Agrarian Discontent in the Late 1800's

"Why the Farmers Were Wrong"



The period between 1880 and 1900 was a boom time for American politics. The country was for once free of the threat of war, and many of its citizens were living comfortably. However, as these two decades went by, the American farmer found it harder and harder to live comfortably. Crops such as cotton and wheat, once the bulwark of agriculture, were selling at prices so low that it was nearly impossible for farmers to make a profit off them. Furthermore, improvement in transportation allowed foreign competition to materialize, making it harder for American farmers to dispose of surplus crop. Finally, years of drought in the midwest and the downward spiral of business in the 1890's devastated many of the nation's farmers. As a result of the agricultural depression, many farm groups, most notably the Populist Party, arose to fight what farmers saw as the reasons for the decline in agriculture. During the last twenty years of the nineteenth century, many farmers in the United States saw monopolies and trusts, railroads, and money shortages and the demonetization of silver as threats to their way of life, though in many cases their complaints were not valid.

The growth of the railroad was one of the most significant elements in American economic growth. However, in many ways, the railroads hurt small shippers and farmers. Extreme competition between rail companies necessitated some way to win business. To do this, many railroads offered rebates and drawbacks to larger shippers who used their rails. However, this practice hurt smaller shippers, including farmers, for often times railroad companies would charge more to ship products short distances than they would for long trips. The rail companies justified this practice by asserting that if they did not rebate, they would not make enough profit to stay in business. In his testimony to the Senate Cullom Committee, George W. Parker stated, "...the operating expense of this road...requires a certain volume of business to meet these fixed expenses....in some seasons of the year, the local business of the road...is not sufficient to make the earnings...when we make up a train of ten of fifteen cars of local freight...we can attach fifteen or twenty cars...of strictly through business. We can take the latter at a very low rate than go without it." Later, when asked the consequences of charging local traffic the same rate as through freight, Mr. Parker responded, "Bankruptcy, inevitably and speedy...". While the railroads felt that they must use this practice to make a profit, the farmers were justified in complaining, for they were seriously injured by it. A perfect example of this fact can be found in The Octopus by Frank Norris. A farmer named Dyke discovers that the railroad has increased their freight charges from two to five cents a pound. This new rate, "...ate up every cent of his gains. He stood there ruined." (Doc. H). The railroads regularly used rebates and drawbacks to help win the business of large shippers, and made up this loss in profit by increasing the cost to smaller shippers such as farmers. As a result, many farmers, already hurt by the downslide in agriculture, were ruined. Thus, the farmers of the late nineteenth century had a valid complaint against railroad shippers, for these farmers were hurt by the unfair practices of the railroads.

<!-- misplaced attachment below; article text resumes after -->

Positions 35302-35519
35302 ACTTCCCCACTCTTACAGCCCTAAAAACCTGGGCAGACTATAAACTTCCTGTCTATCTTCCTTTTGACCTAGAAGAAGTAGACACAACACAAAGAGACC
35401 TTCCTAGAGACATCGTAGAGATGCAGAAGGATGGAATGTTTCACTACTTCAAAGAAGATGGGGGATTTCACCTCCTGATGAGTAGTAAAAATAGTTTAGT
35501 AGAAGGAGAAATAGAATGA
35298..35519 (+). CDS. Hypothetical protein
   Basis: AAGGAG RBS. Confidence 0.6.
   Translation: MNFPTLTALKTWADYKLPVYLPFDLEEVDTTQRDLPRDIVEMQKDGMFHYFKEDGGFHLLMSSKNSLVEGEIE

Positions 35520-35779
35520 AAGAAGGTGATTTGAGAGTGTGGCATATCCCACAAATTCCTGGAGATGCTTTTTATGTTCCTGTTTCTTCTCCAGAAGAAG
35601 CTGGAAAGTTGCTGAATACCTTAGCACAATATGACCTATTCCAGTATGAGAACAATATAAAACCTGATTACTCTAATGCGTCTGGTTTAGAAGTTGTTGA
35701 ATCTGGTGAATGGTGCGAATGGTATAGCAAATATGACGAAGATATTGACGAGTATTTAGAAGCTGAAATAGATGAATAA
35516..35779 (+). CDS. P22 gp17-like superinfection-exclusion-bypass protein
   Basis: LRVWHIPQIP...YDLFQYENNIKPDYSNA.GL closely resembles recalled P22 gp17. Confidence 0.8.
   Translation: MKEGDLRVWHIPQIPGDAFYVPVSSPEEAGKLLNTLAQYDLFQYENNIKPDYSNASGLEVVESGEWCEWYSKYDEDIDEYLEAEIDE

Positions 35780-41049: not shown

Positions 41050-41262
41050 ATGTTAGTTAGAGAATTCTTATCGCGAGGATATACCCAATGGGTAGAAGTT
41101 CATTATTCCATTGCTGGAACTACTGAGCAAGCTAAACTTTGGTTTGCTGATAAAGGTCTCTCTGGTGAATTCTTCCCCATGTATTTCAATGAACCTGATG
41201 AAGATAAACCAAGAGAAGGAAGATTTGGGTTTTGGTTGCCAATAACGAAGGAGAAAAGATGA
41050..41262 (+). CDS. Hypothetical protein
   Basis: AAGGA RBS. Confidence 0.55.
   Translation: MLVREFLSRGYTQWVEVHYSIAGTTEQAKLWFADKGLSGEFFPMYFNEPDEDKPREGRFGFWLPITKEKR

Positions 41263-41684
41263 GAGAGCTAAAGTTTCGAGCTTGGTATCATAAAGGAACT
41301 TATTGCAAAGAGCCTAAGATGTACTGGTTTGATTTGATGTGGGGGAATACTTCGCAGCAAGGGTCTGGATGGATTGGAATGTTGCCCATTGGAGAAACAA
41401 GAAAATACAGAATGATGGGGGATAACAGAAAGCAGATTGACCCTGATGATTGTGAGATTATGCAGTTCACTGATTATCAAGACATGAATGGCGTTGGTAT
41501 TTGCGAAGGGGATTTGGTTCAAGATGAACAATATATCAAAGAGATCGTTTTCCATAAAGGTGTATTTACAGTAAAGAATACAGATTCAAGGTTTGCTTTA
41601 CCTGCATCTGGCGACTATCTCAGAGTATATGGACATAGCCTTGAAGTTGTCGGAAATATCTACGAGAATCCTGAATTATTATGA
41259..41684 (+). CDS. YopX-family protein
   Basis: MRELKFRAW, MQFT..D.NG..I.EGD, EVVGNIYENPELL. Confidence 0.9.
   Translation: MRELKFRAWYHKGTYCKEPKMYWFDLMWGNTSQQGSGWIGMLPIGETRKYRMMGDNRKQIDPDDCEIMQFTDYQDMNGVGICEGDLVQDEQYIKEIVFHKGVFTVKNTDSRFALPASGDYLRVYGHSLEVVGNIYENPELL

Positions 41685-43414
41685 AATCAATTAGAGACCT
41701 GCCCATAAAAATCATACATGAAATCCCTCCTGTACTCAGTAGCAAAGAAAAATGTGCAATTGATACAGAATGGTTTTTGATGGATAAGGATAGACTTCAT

Near the end of the nineteenth century, business began to centralize, leading to the rise of monopolies and trusts. Falling prices, along with the need for better efficiency in industry, led to the rise of such companies as Carnegie Steel and Standard Oil, which controlled a majority of the nation's supply of raw steel and oil respectively. The rise of these monopolies and trusts concerned many farmers, for they felt that the disappearance of competition would lead to erratic and unreasonable price rises that would hurt consumers. James B. Weaver, the Populist party's presidential candidate in the 1892 election, summed up the feelings of many Americans of the period in his work, A Call to Action: An Interpretation of the Great Uprising. He wrote, "It is clear that trusts are...in conflict with the Common law. They are monopolies organized to destroy competition and restrain trade.... Once they secure control of a given line, they are master of the situation... They can limit the price of the raw material so